I recently had an issue with the outlets on a couple of circuits not working. After testing, I was able to determine that the issue was a faulty GFCI and replaced it. The outlets were working with no problem.

A couple of days later, the same outlets stopped working. When testing them this time, I was able to find that one of them was causing the GFCI to trip. I fixed that and that outlet works now, but the others still didn't.

I checked the GFCI outlet to make sure everything was still connected and one of the load wires had come out, so I put that back and tested it, but the outlets still don't work.

The GFCI outlet tests, resets, and works when something is plugged in. Testing with a non contact voltage tester doesn't register anything, but I haven't tried a multimeter yet.

I checked the circuit breaker to make sure that it wasn't tripped and that it was turned completely on.

What's the likelihood that the next outlet in the circuit is causing the issue? It's not showing anything with the voltage tester either, but since the GFCI isn't either and still works, I'm not sure how much weight that holds. Any ideas about what to check next?

Edit: Thanks for the quick responses. I replaced the GFCI because it flat out wasn't working. It wasn't that it would reset immediately, the buttons just didn't do anything

  • Looks to me as though your original GFCI was working just fine and doing the job it's intended for - protecting you and alerting you to the fact that one or more of your downstream 'LOAD' devices has a ground fault (and, it seems, still does)...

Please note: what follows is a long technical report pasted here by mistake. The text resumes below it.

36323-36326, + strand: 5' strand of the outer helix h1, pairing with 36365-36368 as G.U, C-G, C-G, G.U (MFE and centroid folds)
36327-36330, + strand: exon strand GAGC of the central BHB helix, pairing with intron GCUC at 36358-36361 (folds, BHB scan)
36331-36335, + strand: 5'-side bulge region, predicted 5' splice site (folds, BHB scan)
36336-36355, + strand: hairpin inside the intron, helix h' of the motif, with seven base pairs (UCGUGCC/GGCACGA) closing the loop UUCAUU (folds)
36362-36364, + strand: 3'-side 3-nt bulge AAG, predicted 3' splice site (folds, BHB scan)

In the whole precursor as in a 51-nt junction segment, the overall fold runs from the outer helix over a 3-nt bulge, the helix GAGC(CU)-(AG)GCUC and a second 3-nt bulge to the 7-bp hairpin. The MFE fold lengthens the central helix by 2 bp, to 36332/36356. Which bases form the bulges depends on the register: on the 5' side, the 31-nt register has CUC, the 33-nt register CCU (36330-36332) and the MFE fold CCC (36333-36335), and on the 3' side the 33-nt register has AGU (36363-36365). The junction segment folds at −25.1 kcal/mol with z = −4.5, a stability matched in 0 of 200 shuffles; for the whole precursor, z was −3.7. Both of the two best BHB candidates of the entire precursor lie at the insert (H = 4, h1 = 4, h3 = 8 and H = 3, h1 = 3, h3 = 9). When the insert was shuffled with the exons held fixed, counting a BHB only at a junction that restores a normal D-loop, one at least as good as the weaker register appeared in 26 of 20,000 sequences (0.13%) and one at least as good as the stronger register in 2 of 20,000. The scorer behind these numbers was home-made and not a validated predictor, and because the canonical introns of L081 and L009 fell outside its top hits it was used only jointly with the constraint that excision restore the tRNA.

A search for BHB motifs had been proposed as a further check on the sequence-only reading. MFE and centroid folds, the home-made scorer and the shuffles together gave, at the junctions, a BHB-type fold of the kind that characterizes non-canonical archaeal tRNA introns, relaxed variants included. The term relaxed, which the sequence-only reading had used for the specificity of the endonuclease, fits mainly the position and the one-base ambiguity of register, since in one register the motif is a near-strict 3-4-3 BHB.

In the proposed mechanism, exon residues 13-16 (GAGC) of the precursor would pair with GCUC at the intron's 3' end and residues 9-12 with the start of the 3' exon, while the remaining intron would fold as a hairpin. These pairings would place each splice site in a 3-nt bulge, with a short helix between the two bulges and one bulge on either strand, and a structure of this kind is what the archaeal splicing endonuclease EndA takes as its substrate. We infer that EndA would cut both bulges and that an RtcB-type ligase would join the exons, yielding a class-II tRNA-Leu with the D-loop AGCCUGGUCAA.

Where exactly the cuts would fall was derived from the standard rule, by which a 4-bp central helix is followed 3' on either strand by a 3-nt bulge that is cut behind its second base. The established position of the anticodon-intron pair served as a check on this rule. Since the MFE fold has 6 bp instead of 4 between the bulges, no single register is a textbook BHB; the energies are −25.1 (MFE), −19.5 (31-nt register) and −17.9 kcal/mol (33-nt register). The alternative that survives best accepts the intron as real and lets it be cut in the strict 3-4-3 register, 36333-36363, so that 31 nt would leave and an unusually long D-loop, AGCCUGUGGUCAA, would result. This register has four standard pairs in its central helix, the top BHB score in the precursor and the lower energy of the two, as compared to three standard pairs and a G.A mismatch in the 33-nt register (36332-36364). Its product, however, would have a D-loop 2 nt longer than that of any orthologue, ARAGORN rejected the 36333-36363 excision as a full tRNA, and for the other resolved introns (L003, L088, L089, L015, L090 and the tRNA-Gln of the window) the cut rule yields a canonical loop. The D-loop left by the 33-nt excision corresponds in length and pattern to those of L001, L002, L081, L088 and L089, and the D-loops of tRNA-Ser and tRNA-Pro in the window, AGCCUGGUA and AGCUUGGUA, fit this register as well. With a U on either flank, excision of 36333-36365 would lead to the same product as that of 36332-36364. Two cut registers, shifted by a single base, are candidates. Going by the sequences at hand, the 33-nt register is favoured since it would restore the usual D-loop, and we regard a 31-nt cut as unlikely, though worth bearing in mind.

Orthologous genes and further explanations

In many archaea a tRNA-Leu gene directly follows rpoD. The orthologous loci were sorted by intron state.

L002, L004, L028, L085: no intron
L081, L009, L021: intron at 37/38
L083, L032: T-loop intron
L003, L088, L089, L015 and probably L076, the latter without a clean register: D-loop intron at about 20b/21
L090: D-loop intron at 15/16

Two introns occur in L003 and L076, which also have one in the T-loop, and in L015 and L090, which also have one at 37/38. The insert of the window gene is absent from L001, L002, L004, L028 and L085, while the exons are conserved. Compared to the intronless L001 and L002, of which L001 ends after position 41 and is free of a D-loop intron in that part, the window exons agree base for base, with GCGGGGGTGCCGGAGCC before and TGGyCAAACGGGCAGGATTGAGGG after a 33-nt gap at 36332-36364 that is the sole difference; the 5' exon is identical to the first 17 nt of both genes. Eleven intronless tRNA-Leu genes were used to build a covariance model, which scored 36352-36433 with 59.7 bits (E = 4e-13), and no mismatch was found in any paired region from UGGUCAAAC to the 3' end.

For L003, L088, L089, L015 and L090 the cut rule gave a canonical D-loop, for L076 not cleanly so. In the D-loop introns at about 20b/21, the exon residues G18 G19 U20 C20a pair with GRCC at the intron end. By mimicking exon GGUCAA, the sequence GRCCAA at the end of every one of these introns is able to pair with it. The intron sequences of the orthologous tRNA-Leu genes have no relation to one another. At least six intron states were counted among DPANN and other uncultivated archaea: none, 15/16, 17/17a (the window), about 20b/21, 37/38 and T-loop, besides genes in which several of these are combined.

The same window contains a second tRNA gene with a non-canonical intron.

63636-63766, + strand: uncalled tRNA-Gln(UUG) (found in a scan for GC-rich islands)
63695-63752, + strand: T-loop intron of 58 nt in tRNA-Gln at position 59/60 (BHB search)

– brhans
    Commented Apr 8, 2020 at 17:59
  • Are you clear on what the purpose of a GFCI is? It can really muddy the normal troubleshooting path if you aren't. It is after all, a fault detector. Commented Apr 8, 2020 at 18:03

1 Answer 1


Non-contact voltage tester can be squirrely but assuming it's working I would do the following.
Make sure the GFCI is reset. With the faceplates removed start at the GFCI and carefully contact the hot lead on the line side of the GFCI. If it shows hot go to the load sign and do the same. If that is hot continue downstream checking each outlet until you isolate the problem area.
Once you do shut down the breaker and check the connections. Since you've had several issues with wires disconnecting make sure that you're not using backstabs - they are unreliable. Use the screws and always wrap the copper around the screw in a clockwise direction. I would also suggest that you pigtail your outlets. Don't through-wire them.
That should help you zero in on the problem It could be a bad outlet but it's probably a loose connection.

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